Cameras are a smart surveillance accessory for any connected home, allowing you to see who is at the door or keep an eye on pets while away. The Enhanced Wireless Camera from D-Link and the Netgear Arlo Camera both have a built-in infrared LED and night vision so you can see what’s happening even in the dark.
Streaming video is no longer just for the young folk. An increasing number of consumers are moving away from cable and choosing online streaming services instead. Roku Premiere , as one example, offers 4k HD resolution for watching content and plugs straight into your HDMI port.
For streaming content you’ll need a strong WiFi signal. Read: How to Power Up the WiFi in Your Home for all the information you need!
Still curious? Visit your local London Drugs and ask an LD Expert for advice on the right tech to use in your connected home.
It’s spring cleaning time again. Here at LD, we love that there’s a designated season to tidy our cupboards, closets, dressers, drawers and more. Without it, we aren’t quite certain we’d ever tackle the mess.
While you’re at it this year, why not also clean something you likely use almost daily: your computer? We’re talking inside and out, including both those cluttered files and that physical grime.
We offer these tips to get you started.
We mean ‘inside’ in the digital sense, of course. All those little ones and zeros sure can become a tangled mess.
1. Delete, Back-up & Update Files: The first step in digital spring cleaning is going through all your software and data files, keeping only what you need and use. Remember Marie Kondo’s wisdom from The Life-Changing Magic of Tidying Up: unless you love it, lose it.
[Need help knowing what you can do without? Ask an LD expert in store.]
One option for tidying away large but important files, like family photos, is to store them on an external hard drive. You can also back files up on “the cloud,” which is really just a hard drive in another location. For this, consider using iCloud, Google Drive, or a similar service.
Finally, many too often ignore operating system and software update requests. But spring cleaning season provides a great opportunity to start fresh. Oh yeah, and don’t forget empty the trash. On your desktop, that is.
2. Clear Cookies, Caches & Spyware: Slightly trickier than removing unnecessary or excess files you’ve added yourself, is eliminating those added by others. This includes tracking software like cookies and spyware. Don’t worry, there are easy ways to clear it all. Possibly the best approach is to run top-notch security software that monitors your computer for unwanted files. There are also free security programs that work in a pinch, like SpyBot.
Clearing your browser history is also a fresh idea for spring. Sure, some cached website data may actually improve your web experience, but too many from sites you rarely visit will slow you down. So it’s good to return to a blank slate. No matter your browser, you’ll find ‘history clearing’ options in the settings.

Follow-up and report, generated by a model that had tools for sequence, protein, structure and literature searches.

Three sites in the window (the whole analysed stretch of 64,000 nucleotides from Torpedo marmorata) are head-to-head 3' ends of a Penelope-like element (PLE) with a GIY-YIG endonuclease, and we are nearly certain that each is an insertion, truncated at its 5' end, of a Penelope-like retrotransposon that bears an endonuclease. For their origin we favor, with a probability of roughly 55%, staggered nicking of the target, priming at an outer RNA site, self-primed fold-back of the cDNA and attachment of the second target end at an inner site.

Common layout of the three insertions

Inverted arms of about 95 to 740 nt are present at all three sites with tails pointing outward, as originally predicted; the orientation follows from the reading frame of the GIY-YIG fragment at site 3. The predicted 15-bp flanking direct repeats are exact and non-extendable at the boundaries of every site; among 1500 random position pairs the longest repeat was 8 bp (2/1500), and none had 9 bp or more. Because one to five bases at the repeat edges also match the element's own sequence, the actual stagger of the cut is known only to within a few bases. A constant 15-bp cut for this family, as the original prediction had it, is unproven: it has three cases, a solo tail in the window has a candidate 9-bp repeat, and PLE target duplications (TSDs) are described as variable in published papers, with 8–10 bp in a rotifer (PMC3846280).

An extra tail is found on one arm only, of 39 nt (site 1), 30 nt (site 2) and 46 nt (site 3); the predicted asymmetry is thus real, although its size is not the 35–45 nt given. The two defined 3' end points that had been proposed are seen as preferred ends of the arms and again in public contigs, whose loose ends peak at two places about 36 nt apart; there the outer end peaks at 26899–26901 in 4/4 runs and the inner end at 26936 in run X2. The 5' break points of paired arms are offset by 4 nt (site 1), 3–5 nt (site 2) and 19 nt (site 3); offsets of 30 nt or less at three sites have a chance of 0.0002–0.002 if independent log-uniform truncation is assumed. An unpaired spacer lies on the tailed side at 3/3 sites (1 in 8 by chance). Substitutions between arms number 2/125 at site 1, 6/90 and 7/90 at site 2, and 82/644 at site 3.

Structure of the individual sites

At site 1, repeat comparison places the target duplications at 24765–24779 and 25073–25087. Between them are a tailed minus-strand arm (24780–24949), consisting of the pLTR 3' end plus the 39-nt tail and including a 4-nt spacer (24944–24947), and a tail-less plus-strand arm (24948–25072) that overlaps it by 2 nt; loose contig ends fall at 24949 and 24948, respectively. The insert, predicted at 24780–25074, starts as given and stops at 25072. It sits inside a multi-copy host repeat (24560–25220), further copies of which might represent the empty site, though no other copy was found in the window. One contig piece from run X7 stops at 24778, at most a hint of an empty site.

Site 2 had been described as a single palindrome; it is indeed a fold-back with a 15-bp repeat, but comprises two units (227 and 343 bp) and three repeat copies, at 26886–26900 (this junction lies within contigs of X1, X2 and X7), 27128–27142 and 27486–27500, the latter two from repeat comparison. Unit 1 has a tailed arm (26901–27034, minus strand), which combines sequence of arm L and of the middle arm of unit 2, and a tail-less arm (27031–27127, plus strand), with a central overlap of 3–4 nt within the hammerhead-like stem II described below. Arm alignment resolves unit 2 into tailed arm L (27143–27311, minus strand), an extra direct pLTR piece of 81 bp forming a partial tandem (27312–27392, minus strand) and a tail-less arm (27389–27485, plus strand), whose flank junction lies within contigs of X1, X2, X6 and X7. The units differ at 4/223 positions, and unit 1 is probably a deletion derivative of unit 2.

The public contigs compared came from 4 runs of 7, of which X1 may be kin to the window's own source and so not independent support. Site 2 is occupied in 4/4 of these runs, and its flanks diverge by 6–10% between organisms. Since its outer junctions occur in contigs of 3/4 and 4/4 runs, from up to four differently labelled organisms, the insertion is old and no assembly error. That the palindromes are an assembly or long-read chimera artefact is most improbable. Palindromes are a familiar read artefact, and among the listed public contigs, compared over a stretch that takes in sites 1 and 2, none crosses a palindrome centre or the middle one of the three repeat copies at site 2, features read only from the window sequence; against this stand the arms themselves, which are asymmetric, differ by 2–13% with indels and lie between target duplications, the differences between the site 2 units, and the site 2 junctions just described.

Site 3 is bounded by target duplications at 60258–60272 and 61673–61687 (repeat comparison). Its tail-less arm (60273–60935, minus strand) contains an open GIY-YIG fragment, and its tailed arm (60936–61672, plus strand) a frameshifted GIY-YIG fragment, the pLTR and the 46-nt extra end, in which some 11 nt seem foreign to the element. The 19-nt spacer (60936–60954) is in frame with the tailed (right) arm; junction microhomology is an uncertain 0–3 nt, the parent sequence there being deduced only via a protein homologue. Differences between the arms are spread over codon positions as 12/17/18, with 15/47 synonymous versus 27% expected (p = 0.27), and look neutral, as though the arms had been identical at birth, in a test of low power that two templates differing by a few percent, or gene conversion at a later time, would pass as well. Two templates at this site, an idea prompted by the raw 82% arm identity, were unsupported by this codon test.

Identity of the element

3. Run A System Optimizer: Let’s face it, we aren’t all tech savvy or patient enough to keep our computers running ship shape. Luckily, for those who prefer to resolve errors, crashes, and freezing automatically, while also speeding up their computers, there is system optimizing software available.
A dirty computer is unsanitary and just plain icky. So cleaning your computer’s exterior is a must.
1. A Squeaky Clean Screen: It’s important to keep your computer monitor clean, but using regular glass cleaner or wet cloth is not recommended. Show your monitor some due respect by using specially-designed cleaning cloths and fluids. But also, don’t forget to give your computer’s entire exterior a good, old-fashioned soapy wipe down.
2. De-Crumb Your Keyboard: Especially if you’re the type to snack at or near your computer, your keyboard probably has more than a few crumbs stuck inside. These may seem harmless, but over time they can wear out your keys. To remove them, you can start by simply tipping your keyboard upside down and shaking, or by vacuuming if that’s easier. Afterward, wipe it down and consider adding an invisible keyboard shield.
3. Blow Away Internal Dust: This “outside” technique requires getting a bit deeper in your computer. If you have a desktop tower, it should be relatively easy to open with a screwdriver. For laptops, consider watching how-to videos or speaking to an LD Expert first. Once you’re inside, the best tool for getting dust out is usually a can of air. Don’t want to open your computer up? Blowing air into the cooling fans helps, too.
Happy spring cleaning, everyone.
Whether you’re a green thumb veteran or a novice with limited lawn space, we’ve assembled the following gardening tips to give you a head start for growing your ideal garden this Spring.
If you’re just starting out this year and have a blank slate to work with, or you’re returning to your yard with new ideas, it’s your time to get creative. Before you begin, make sure you carefully plan and design for your space.
In Canada, the growing season varies across regions. It’s important to know your frost dates before you begin planting — especially for crops that need longer seasons. However, if you want to get a head start and the weather outside is still chilly, don’t worry. There are many guides for cold climate gardening in Canada, with lists of which fruits, vegetables and flowers you can start planting in your region, even before Spring arrives.